Once the new rules are adopted by the city, which is scheduled to happen this fall, Eureka businesses that still want to erect digital billboards in the coastal zone will have to submit their plans to the city’s design review committee for approval at a public hearing.
Coastal commissioners, including Humboldt County Supervisor Mike Wilson, said these new restrictions will help to limit encroaching light pollution, and they urged city officials to go even farther to slow the spread of these bright, frequently animated digital advertisements.
During the public comment period, Humboldt Baykeeper Executive Director Jennifer Kalt urged the commission to prohibit these signs throughout Eureka’s coastal zone “to protect wildlife from night glare and protect public safety from distracted drivers on a very dangerous stretch of highway.”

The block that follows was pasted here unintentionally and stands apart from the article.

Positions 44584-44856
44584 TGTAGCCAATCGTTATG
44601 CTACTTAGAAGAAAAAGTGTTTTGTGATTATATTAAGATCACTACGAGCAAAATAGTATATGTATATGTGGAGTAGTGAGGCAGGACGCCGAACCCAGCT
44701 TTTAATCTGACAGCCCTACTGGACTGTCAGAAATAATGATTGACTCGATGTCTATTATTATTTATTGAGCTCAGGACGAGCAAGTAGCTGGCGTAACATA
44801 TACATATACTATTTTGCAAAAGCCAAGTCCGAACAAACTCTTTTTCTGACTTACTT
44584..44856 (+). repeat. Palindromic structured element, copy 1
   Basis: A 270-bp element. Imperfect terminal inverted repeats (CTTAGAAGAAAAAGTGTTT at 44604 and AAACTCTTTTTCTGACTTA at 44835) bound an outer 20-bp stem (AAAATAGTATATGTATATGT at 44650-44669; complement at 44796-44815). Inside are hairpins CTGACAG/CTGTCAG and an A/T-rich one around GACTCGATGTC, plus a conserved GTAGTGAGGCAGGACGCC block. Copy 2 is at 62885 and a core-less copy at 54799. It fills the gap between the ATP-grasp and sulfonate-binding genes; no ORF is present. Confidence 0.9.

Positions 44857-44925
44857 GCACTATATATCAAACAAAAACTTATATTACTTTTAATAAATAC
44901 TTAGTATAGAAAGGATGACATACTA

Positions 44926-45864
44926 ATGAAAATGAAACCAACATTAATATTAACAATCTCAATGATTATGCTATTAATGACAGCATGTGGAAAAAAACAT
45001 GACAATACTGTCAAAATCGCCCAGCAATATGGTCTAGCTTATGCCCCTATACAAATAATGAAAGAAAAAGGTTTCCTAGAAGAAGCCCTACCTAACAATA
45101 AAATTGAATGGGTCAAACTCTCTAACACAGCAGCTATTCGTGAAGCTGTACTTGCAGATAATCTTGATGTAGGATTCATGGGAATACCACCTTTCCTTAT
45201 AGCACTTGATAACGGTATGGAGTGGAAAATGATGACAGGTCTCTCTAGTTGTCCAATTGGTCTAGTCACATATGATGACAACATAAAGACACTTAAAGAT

She noted that digital signs, which contain thousands of LED lights, can be up to 10 times brighter than standard illuminated signs, contributing to light pollution and potentially affecting nocturnal wildlife’s eating, foraging and orientation behaviors.
Kalt urged the commission to follow the guidelines of the International Dark-Sky Association, which works to reduce light pollution and offers program guidelines for local governments.